Aquaria/Bleeding heart tetra
The bleeding heart tetra, Hyphessobrycon erythrostigma, is a peaceful midlevel-dwelling community fish in the aquarium. It grows to 64 mm long and lives about five years. It requires warm water (78°F or 26°C). This fish, like most tetras, needs soft, acid water, pH 6.5-6.8, with plenty of plants. This fish is somewhat susceptible to velvet disease and Ichthyophthirius multifiliis. It is sensitive to water conditions and requires frequent partial water changes.
Bleeding hearts are generally peaceful fish, but fin nipping may become a problem, as males can be territorial. They are best kept in a small school (six or more) and not with fish with larger fins such as angelfish and bettas. They do well in a variety of community tanks, and like most tetras, do best in groups and with bushy plants. They are a suitable tankmate for corydoras and other bottom-dwelling species. With a few exceptions they are peaceful when surrounded by their own kind, like tiger barbs. They are also mischievous, nipping at others' tails and entering their territory looking for food.
The female is more full-bodied and the male has a larger dorsal fin. The male is distinguished by longer extended dorsal and anal fins. The dorsal fin is elongated into a sickle shape that arches to the length of the tail base. The female has a shorter, rounded fin. Breeding is hard but not impossible. They have been bred in captivity and are egg layers.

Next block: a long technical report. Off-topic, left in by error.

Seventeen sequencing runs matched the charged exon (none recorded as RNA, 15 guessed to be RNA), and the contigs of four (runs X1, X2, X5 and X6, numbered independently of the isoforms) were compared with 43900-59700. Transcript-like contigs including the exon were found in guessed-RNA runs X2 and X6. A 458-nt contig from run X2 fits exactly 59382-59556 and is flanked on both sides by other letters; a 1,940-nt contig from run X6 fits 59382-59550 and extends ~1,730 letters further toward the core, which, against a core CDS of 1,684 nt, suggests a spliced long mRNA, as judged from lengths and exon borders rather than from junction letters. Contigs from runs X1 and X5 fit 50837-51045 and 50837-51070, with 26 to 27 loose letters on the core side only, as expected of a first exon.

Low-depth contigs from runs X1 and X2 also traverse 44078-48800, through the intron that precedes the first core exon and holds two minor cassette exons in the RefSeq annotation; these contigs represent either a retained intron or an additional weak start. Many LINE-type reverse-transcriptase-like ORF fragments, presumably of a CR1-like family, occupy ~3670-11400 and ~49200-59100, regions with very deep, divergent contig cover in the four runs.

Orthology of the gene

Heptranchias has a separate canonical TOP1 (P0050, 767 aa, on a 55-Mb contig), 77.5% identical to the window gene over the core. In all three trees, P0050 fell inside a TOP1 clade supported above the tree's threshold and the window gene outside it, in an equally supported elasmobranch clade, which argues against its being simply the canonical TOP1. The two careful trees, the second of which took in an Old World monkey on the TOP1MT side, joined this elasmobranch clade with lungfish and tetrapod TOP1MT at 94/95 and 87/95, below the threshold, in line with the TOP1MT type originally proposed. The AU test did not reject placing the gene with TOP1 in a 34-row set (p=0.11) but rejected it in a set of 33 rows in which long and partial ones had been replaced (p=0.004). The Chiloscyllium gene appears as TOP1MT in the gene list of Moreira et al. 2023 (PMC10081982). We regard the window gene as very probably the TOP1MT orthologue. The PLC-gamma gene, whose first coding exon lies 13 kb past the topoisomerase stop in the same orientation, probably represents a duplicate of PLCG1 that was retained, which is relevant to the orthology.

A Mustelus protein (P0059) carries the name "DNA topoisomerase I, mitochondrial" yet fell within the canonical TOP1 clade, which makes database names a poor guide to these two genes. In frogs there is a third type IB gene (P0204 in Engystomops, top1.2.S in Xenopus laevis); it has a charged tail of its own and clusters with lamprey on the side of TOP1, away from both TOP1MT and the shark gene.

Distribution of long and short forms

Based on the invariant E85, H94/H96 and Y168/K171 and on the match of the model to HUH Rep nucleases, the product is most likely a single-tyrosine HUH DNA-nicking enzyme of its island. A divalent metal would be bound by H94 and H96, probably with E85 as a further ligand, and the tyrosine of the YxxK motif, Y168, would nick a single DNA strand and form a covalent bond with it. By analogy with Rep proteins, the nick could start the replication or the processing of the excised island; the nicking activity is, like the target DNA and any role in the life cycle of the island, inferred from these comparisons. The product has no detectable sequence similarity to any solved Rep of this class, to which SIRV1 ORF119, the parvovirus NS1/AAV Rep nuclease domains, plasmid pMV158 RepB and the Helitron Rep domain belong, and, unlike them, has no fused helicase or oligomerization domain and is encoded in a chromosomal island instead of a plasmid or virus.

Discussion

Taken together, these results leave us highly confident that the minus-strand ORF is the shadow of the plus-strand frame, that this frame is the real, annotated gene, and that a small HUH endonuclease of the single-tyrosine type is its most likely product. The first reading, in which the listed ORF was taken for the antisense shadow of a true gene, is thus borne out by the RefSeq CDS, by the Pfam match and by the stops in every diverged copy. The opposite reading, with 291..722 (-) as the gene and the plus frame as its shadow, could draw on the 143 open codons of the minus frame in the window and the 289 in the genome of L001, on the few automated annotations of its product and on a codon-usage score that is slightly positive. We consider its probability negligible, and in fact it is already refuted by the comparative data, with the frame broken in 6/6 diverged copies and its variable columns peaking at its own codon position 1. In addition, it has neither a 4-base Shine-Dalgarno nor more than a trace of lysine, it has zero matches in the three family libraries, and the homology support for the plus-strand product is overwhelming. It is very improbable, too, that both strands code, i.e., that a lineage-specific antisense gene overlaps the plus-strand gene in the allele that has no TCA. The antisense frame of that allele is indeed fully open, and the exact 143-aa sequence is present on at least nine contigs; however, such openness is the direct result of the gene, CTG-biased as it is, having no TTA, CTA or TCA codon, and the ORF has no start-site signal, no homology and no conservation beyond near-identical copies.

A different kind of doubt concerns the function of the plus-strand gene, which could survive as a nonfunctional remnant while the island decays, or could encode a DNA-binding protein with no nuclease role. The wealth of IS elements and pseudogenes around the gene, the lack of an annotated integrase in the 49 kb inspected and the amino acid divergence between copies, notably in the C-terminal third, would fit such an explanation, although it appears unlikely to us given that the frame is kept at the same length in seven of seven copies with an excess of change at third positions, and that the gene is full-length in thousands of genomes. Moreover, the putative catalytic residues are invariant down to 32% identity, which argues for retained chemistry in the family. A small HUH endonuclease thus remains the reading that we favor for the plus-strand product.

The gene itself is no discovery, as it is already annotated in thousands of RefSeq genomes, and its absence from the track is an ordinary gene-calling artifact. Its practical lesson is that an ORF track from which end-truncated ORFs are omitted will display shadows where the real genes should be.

This tetra has a splendid body shape and, after a month or two in captivity, the colors get very beautiful, especially when fed (two or three days a week) with frozen brine shrimp. The dorsal fin of the males can become long and flowing. Both sexes have the eye-catching, blood-red spot at the heart area. Both also have the black and white patch on the dorsal fin.
The bleeding heart tetra is readily available. It can be obtained from most fish and pet stores, as well as on line